What if the Supreme Court has to become involved in the election?

What if the Supreme Court has to become involved in the election?
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The Supreme Court decision in the historic case of George Bush versus Al Gore casts a long shadow, which is ironic given that the justices expressly tried to limit its reach to the circumstances in the 2000 election. But here we are two decades later on the cusp of an election for which the results seem contested even before votes have been cast.

One candidate, Donald TrumpDonald John TrumpBiden leads Trump by 36 points nationally among Latinos: poll Trump dismisses climate change role in fires, says Newsom needs to manage forest better Jimmy Kimmel hits Trump for rallies while hosting Emmy Awards MORE, continues to assert the claim that, as the result of more mail ballots in the midst of the coronavirus pandemic, we will “never know who won the election.” We already know that Russia has again launched efforts to interfere with the election. The likely litigation over counting votes this time around may make debates and arguments about hanging chads seem fanciful by comparison.

Challenges to the results in November are one reason why we should pay attention to the case of the 2000 election. Though it has been scrutinized over time, it remains a cloudy decision. It is not clear whether it stands for anything other than the results, which stopped the Florida recount and led to the election of Bush. It also is not clear what motivated a majority of the justices to commit to the case in the first place, since the determination of who will be the next president for the United States is not the kind of issue the framers imagined the Supreme Court would decide. Indeed, as Justice Stephen Breyer noted in his separate opinion, the 12th Amendment grants Congress the authority and responsibility to count votes.

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These questions are related. What the decision in 2000 means is tied to an explanation for why the majority believed it had to rule on the case to start with. That explanation is fear, not necessarily of victory by Gore, but rather of the possibility, if the House of Representatives was not up to the task of sorting out the election dispute, that any win would be seen by a significant portion of Americans as illegitimate, which could in turn lead to a constitutional crisis. As former federal appeals court judge Richard Posner declared, had the Supreme Court allowed the Florida recount to resume, “what could have ensued is fairly described as chaos.”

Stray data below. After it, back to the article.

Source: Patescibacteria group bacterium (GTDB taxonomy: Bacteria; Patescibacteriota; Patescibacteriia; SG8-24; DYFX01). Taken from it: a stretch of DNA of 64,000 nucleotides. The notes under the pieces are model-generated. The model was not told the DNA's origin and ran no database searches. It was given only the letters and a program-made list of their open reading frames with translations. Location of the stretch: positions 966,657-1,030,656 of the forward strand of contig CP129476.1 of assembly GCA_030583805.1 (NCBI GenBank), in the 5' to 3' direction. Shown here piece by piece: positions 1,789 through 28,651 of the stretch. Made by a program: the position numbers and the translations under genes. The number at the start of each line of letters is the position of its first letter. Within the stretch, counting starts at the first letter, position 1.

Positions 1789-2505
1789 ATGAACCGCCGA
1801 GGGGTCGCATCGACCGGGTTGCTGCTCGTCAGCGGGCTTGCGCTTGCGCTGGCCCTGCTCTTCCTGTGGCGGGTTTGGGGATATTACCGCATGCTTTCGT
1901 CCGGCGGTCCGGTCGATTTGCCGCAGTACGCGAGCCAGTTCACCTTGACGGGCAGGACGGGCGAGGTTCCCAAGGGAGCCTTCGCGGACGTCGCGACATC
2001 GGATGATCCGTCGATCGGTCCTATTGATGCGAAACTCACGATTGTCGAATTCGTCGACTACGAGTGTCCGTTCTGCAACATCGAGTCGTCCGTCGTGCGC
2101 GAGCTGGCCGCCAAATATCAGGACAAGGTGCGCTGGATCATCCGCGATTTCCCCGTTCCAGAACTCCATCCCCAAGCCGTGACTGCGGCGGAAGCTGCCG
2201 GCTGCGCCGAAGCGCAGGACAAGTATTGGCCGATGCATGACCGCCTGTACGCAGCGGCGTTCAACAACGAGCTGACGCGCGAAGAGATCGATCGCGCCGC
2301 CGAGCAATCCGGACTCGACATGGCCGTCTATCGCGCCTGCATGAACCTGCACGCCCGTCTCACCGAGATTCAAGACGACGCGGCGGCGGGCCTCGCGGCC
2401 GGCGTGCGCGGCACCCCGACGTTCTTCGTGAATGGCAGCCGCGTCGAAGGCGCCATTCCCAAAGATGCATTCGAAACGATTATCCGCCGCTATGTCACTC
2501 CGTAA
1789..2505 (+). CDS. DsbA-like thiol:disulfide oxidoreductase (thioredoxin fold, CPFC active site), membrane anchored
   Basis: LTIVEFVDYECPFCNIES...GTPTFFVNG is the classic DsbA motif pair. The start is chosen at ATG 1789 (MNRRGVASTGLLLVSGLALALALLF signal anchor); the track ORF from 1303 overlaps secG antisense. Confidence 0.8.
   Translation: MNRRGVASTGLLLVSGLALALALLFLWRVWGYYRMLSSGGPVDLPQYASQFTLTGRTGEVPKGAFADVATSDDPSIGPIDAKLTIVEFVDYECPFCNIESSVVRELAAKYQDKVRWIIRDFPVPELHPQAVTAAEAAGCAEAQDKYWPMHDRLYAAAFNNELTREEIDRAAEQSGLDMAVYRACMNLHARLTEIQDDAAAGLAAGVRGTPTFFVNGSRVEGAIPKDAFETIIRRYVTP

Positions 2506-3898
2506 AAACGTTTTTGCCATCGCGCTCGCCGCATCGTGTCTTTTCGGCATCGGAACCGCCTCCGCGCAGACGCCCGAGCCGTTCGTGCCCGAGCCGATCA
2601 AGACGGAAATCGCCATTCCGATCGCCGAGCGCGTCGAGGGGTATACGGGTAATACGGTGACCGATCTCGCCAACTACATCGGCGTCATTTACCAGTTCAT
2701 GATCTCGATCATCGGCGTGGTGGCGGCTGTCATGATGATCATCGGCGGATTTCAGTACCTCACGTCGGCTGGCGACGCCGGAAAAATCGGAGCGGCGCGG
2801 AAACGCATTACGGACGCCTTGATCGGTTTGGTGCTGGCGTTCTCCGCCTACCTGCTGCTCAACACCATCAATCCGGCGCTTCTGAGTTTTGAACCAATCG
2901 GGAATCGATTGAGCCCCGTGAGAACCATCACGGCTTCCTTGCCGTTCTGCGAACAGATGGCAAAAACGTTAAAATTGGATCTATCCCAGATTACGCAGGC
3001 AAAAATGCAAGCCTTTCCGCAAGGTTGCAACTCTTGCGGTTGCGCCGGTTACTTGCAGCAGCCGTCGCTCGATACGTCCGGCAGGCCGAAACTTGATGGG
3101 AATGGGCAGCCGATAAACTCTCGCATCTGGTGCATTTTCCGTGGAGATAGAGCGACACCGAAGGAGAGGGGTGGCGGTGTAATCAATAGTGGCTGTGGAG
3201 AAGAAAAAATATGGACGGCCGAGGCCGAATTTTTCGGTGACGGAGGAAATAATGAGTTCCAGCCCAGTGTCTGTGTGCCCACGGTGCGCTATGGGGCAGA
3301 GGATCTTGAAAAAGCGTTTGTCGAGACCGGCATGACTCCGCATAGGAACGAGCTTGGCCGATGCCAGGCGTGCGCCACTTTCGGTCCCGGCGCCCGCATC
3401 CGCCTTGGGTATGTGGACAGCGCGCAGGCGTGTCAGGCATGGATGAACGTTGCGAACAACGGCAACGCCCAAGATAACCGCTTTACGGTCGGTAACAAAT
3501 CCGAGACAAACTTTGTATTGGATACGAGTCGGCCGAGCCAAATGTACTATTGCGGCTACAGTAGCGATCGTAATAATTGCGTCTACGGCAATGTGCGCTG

It is only with hindsight that we can say with any certainty that, if it was a fear of disorder that motivated the majority of justices, then the republic probably was not in grave danger. Following the Supreme Court decision, Gore conceded then Bush took the office without incident. Further, today we have a better understanding of the ways in which a contested election could truly lead to disorder and even chaos, like when one candidate has shown time and again that there is literally no governing norm or federal guideline he would not break if it served his own interests.

It would be difficult to believe that Chief Justice John Roberts, a student of the Supreme Court itself, does not suspect that he may have a role to play in the election this year. He displays a shrewd understanding of where the Supreme Court stands in history and the extent to which that depends on the public viewing its work as valid. That legitimacy is the currency of the Supreme Court, and it is fueled primarily by a respect for precedent in the ability to show in a case that it is not breaking new ground.

Should the Supreme Court be asked to address any disputes for the next election, such as how mail ballots must be counted, it will need to tap into the respect that Americans have for it and the reputation it has earned. At the very least, the justices can point to the 2000 to show that such legal intervention is not unprecedented. If that decision stands for anything, it is for the proposition that there may be a time when its involvement in an election, however unusual, is justified to prevent a genuine possibility of civil unrest and to preserve our democratic institutions.

Lawrence Friedman is a professor at New England Law in Boston, where he teaches constitutional law. He is the author of “Modern Constitutional Law.”